Neuroinflammation plays a major role in brain excitability and may contribute to the development of epilepsy. Prostaglandin E2 (PGE2) is a direct mediator of inflammatory responses and, through EP receptors, plays an important role in neuronal excitability. Pharmacological evidence supports that centrally-administered EP1 and EP3 receptor antagonists reduced acutely evoked seizures in rats. Translation of these findings would benefit from evidence of efficacy with a more clinically relevant route of delivery and validation in another species. In the current study we investigated whether the systemic administration of EP1 and EP3 agonists and antagonists modulate pentylenetetrazole (PTZ)-induced seizures in mice. In addition, it was examined whether these compounds alter Na+, K+-ATPase activity, an enzyme responsible for the homeostatic ionic equilibrium and, consequently, for the resting membrane potential in neurons. While the systemic administration of EP1 and EP3 antagonists (ONO-8713 and ONO-AE3-240, respectively) attenuated, the respective agonists (ONO-DI-004 and ONO-AE-248) potentiated PTZ-induced seizures (all compounds injected at the dose of 10 µg/kg, s.c., 30 min before PTZ challenge). Co-administration of either EP1 or EP3 agonist with the respective antagonists nullified the anticonvulsant effects of EP1/3 receptor blockade. In addition, EP1 and EP3 agonists exacerbated PTZ-induced decrease of Na+, K+-ATPase activity in both cerebral cortex and hippocampus, whereas, EP1 and EP3 antagonists prevented PTZ-induced decrease of Na+, K+-ATPase activity in both structures. Our findings support and extend evidence that EP1 and EP3 receptors may be novel targets for the development of anticonvulsant drugs.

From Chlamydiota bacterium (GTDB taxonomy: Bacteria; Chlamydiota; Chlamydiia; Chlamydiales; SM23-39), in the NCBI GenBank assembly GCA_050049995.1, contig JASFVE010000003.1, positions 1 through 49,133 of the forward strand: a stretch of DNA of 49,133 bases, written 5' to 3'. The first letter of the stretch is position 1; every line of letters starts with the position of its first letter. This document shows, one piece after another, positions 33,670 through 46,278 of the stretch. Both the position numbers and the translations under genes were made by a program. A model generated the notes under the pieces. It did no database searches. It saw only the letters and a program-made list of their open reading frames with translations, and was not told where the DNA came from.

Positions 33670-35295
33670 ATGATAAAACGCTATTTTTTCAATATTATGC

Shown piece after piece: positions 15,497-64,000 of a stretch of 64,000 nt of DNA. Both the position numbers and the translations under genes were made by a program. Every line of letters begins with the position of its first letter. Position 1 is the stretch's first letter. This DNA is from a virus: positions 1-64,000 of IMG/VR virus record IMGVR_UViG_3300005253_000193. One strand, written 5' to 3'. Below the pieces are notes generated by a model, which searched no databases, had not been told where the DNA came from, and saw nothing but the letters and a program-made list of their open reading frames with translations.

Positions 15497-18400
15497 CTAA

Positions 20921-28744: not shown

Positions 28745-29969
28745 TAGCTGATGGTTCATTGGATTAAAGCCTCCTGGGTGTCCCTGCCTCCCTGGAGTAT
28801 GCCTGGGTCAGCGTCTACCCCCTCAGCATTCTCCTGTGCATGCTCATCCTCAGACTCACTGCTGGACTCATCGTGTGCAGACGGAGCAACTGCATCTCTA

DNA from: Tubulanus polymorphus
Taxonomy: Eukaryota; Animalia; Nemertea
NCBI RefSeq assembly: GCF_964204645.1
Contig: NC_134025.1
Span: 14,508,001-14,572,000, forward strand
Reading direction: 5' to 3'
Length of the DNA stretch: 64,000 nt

Keywords: EP1 receptor; EP3 receptor; Epilepsy; pentylenetetrazole; prostaglandin E2.
Conflict of interest statement
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